But in Rockville, Md., outside Washington, one Jewish voter said she handled the new touch-screen machines with ease. “It was no problem,” Yvonne Distenfeld said.
With the election so close, many observers had predicted the possibility of a deadlock, similar to the one that occurred four years ago.
For some Jewish voters, that only heightened their agita.
“I’ve had more anxiety about this election that I’ve had about any other,” said Sharee Newman, an active Democrat living in Omaha.
“I’m scared to death we’ll end up with disenfranchised voters, absentee ballots that never got to people who requested them, and military personnel who won’t get ballots, but are risking their lives for us.”
Despite the worries, Jews, as always, made sure they went to the polls — even those who did so with difficulty. Lillian Heller, a native of Paterson, N.J., currently living in West Palm Beach, Fla., fell and broke her hip and wrist 10 days before the election. She was rushed to the hospital and had immediate surgery.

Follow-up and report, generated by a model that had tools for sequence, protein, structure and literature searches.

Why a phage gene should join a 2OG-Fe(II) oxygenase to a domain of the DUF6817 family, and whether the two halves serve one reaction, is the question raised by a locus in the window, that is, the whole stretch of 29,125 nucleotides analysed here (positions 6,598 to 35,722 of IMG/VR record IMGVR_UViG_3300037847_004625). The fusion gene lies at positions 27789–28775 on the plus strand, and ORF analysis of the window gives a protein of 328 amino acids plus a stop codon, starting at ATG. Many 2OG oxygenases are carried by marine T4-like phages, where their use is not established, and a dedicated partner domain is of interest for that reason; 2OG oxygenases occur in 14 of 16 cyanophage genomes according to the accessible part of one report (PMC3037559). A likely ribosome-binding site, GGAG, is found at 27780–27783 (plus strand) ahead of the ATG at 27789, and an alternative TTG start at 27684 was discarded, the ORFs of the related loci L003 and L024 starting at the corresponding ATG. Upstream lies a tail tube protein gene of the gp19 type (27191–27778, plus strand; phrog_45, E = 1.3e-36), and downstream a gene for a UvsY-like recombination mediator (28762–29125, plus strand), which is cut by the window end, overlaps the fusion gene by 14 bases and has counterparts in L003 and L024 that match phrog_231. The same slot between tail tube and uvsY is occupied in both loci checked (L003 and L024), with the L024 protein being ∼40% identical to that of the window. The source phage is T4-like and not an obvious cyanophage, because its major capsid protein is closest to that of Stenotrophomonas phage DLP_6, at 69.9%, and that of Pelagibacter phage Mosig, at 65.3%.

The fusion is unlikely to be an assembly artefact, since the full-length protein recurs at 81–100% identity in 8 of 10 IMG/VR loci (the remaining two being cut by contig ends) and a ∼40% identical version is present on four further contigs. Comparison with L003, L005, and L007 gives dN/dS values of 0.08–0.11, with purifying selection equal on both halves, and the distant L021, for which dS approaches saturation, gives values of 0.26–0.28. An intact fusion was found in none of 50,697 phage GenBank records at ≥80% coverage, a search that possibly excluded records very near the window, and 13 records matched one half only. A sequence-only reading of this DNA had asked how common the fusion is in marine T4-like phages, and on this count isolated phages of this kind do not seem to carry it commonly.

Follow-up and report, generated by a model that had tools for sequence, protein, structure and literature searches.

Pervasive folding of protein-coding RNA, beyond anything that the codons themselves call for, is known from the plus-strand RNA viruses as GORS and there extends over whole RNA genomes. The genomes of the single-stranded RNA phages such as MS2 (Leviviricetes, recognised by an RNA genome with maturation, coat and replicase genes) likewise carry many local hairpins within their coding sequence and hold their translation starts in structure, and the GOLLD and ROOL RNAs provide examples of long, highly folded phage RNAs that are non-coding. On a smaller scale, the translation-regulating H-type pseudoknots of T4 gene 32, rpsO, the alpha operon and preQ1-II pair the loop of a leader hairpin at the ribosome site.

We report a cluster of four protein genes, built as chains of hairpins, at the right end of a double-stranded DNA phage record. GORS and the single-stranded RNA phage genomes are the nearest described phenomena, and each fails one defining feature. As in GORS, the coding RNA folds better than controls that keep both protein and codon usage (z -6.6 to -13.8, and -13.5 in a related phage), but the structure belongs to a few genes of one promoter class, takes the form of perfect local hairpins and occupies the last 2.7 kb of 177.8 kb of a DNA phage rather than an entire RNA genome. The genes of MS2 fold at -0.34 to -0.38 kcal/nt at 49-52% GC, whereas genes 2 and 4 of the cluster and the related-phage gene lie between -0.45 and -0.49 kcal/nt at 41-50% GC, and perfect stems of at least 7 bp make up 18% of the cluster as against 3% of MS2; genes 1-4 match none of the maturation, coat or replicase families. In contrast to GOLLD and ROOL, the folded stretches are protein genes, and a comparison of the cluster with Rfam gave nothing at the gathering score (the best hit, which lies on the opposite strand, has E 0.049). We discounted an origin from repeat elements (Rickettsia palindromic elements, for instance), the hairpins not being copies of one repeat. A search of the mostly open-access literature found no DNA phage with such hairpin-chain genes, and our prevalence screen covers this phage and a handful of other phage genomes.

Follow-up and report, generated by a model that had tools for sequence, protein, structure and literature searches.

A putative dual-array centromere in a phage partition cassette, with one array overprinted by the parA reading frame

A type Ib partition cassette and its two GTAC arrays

After she regained consciousness, her first words to her daughter were: “Susan, you must bring my absentee ballot to the intensive care unit so I can vote for Kerry in time.”
(Contributing to this report were JTA Editor Lisa Hostein, JTA Managing Editor Michael Arnold, JTA Staff Writers Rachel Pomerance and Chanan Tigay and Online Editor Andy Neusner. Also contributing were the Cleveland Jewish News, the Wisconsin Jewish Chronicle, JTA correspondent Tom Tugend in Los Angeles, the Washington Jewish Week, the Jewish Press of Omaha and the New Jersey Jewish Standard. JTA Staff Writer Peter Ephross wrote the story.)